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This year, Dom Perignon has teamed up with Spanish chef Ferran Adria to "decode Dom Perignon".
Lost Heaven is Melbourne's Hu Tong restaurant group gone Sichuan - which translates as good regional food with smartly honed design principles.
With Fashion Week descending on Sydney this week, the number of skinny lattes (and ladies) doing the rounds has skyrocketed.
Our restaurant critics' picks of the latest and best eats around the country right now.
Acme adds another letter to the acronym this Sunday afternoon: tea, of the high variety.
Our restaurant critics' picks of the latest and best eats around the country right now: Delhi Streets, Melbourne.
Our restaurant critics' picks of the latest and best eats around the country right now: Madame Hanoi, Adelaide.
Looking for the best restaurants in Sydney? Here are the top ten Sydney restaurants from our 2014 Australian Restaurant Guide.
The food of Turkey is laden with spice, full of colour and bursting with flavour. Check out our top Turkish recipes here.
Meatballs come pretty close to the top of the scale when it comes to comfort eating. Check out our slideshow for some of the meatball recipes we love, ranging from the classic (spaghetti con polpette) to the slightly less familiar (rabbit broth with rabbit and barley dumplings).
Looking for the best restaurants in Melbourne? Here's our top ten from our 2014 Australian Restaurant Guide.
Comfort food and fun Easter eats feature in our collection of autumn recipes, featuring everything from an Italian Easter tart to carrot doughnuts with cream cheese glaze and brown sugar crumb and braised lamb with Jerusalem artichokes, carrots and cumin to breakfast curry with roti and poached egg.
Beans cooked for this long would be overdone in most dishes, but in traditional Greek food they just work. This recipe is adapted from Modern Greek by Andy Harris.
Il Palagio, the 16th-century Tuscan estate restored by Sting and Trudie Styler, is now taking reservations, writes Josephine McKenna.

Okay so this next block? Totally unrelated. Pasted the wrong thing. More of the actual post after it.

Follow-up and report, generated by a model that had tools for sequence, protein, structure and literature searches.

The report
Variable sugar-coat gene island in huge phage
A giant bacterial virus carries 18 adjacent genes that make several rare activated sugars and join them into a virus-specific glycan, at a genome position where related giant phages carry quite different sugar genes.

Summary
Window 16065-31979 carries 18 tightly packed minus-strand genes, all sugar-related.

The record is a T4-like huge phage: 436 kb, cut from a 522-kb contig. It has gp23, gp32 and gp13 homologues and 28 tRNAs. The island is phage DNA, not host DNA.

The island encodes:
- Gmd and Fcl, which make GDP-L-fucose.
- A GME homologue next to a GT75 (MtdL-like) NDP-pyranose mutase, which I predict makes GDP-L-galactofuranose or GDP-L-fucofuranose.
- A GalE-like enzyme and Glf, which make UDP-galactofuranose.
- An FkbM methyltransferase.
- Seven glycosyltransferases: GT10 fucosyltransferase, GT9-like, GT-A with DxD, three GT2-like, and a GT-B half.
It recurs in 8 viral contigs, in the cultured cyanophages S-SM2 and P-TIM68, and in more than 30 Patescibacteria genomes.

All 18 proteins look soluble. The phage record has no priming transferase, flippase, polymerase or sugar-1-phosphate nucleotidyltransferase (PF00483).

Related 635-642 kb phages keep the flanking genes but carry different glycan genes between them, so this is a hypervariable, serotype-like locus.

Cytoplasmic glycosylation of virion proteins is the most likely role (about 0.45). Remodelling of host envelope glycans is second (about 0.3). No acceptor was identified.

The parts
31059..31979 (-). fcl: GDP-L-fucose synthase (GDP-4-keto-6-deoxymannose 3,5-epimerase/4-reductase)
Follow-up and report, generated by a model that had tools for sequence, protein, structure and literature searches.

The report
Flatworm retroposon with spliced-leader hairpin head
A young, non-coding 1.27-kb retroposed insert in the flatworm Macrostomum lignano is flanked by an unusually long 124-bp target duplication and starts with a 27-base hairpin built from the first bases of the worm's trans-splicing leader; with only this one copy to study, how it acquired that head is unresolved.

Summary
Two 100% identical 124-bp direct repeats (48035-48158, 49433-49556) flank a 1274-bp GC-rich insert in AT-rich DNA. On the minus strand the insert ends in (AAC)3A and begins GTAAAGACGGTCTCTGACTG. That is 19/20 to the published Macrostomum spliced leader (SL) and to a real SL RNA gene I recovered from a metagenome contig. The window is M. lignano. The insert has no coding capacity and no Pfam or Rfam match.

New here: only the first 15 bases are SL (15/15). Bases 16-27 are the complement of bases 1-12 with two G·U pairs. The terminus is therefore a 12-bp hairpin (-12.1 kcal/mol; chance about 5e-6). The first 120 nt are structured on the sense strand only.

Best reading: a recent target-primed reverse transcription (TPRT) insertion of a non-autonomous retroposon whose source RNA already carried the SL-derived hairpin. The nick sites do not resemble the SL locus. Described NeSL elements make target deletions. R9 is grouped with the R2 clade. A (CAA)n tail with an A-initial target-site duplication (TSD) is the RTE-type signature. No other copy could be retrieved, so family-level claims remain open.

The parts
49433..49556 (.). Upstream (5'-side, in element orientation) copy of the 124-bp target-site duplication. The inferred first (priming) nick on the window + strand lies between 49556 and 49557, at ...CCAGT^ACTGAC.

If you’re after a dish with a serious society pedigree, you really can’t go past the esteemed Waldorf salad. As with most iconic dishes, its provenance is murky. One theory is that it was created by the Waldorf Lunch System, an early 20th-century lunchroom chain whose logo, at one time, was an apple.
Conventional wisdom, however, has it that the dish was created for a society supper for 1500 guests at New York City’s Waldorf Hotel in 1893 (a precursor to the Waldorf-Astoria Hotel, which opened in 1931).
Credit for the salad’s creation is given to Oscar Tschirky, the hotel’s maître d’, a man apparently held in high esteem by the society types who frequented the hotel. But despite his standing and the fact that the salad became a staple in restaurants and hotel dining rooms, early opinions on the dish weren’t unanimously positive. The New Yorker’s food editor at the time, Sheila Hibben, was vocal in her disapproval, stating that Tschirky’s combination of apples and mayonnaise “bred the sorry mixture of sweet salads” and steered the American housewife in the wrong culinary direction.
In its original form, the recipe was very brief. It appeared in Tschirky’s book The Cook Book by ‘Oscar’ of the Waldorf, and instructed simply: “Peel two raw apples and cut them into small pieces, say about half an inch square, also cut some celery the same way, and mix it with the apple. Be very careful not to let any seeds of the apples be mixed with it. The salad must be dressed with a good mayonnaise.” The now ubiquitous walnuts were added later, as was the custom of presenting the salad on a bed of lettuce.
We’ve lightened it all up a little. The lettuce bed becomes a tumble of radicchio and witlof leaves, adding a slight bitter note and colour contrast. Apple and celery remain, of course, and as for the mayonnaise, we concur with Oscar. Whip up a batch of your own and this is one salad that can’t be beaten.